Fossil fuels, photovoltaics, clean coal, wind turbines, hydroelectic dams, nuclear reactors, hydraulic fracturing. For all the discussions of energy independence, sustainable energy, renewable fuels, one word is often painfully absent: grid. America’s electrical grid has evolved from Edison electric generators and a few, uninsulated, wires in New York and Wisconsin to a massive, and massively inefficient, network of power lines, control stations, and generators that crisscross the country in three power blocks. This mycelial behemoth serves one function–to keep the electrons flowing. In Before the Lights Go Out: Conquering the Energy Crisis Before It Conquers Us, Maggie Koerth-Baker strips the wires of the United State’s electrical grid bare, revealing how it works, how it doesn’t work, and what we can do to make it work better, increasing efficiency, decreasing atmospheric carbon dioxide production, and securing America’s energy infrastructure.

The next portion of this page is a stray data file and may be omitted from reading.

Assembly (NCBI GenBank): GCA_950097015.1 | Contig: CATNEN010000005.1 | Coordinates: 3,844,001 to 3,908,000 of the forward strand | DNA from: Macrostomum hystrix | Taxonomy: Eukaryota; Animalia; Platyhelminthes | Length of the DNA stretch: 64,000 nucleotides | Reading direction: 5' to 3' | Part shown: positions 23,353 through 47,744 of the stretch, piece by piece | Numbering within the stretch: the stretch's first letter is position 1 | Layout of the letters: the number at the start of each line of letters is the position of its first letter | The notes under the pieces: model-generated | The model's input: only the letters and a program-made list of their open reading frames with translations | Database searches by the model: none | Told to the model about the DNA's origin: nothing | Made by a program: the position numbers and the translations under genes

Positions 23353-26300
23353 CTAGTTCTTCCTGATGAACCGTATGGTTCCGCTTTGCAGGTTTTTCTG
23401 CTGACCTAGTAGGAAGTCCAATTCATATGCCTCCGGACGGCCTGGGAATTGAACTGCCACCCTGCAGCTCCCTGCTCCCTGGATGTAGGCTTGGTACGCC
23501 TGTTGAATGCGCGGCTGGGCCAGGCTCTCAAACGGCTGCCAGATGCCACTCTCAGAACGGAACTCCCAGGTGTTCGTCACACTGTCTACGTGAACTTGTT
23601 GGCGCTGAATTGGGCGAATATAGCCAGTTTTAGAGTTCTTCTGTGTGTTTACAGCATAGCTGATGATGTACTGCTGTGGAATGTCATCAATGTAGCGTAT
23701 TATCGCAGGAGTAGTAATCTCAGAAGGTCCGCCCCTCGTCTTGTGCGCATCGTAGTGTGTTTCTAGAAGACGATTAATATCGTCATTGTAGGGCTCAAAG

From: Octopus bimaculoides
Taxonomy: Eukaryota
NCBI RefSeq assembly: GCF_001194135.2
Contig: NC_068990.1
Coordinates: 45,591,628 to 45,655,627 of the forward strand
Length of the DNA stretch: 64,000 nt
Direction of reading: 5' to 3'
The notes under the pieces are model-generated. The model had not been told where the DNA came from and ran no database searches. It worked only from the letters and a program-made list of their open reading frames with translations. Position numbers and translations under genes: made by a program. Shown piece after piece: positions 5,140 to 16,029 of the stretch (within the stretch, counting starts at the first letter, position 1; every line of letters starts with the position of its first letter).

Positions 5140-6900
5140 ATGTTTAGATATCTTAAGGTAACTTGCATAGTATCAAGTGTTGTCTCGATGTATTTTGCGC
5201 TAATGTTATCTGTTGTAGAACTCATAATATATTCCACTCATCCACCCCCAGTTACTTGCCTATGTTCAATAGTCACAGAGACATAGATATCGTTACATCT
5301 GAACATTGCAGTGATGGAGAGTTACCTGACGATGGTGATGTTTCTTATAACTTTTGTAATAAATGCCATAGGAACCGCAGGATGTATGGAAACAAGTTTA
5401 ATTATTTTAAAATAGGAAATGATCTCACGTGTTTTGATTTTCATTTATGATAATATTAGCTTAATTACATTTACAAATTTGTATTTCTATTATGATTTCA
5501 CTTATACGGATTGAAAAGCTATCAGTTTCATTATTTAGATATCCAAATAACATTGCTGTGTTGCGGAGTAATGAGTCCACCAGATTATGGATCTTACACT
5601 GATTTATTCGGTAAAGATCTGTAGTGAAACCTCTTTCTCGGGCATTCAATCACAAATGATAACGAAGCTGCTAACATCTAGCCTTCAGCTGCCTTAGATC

Before the Lights Go Out begins with a bold and inspired move by Koerth-Baker. By choosing to focus on the development of our energy infrastructure and the challenges inherent in the current model, she bypasses the common stumbling block of “energy crisis” arguments in the United States–the unwillingness of some groups to accept the uncontroversial recognition of anthropogenic climate change. Improving the efficiency of the grid, incorporating alternative energy sources into our infrastructure, reducing waste which cost energy producers and consumer real capital, these are not goals that require an a priori understanding of climate change to make sound economic, social, and political sense. Koerth-Baker deftly skirts around the quagmire of one of our most baffling political debates and dives straight into solutions.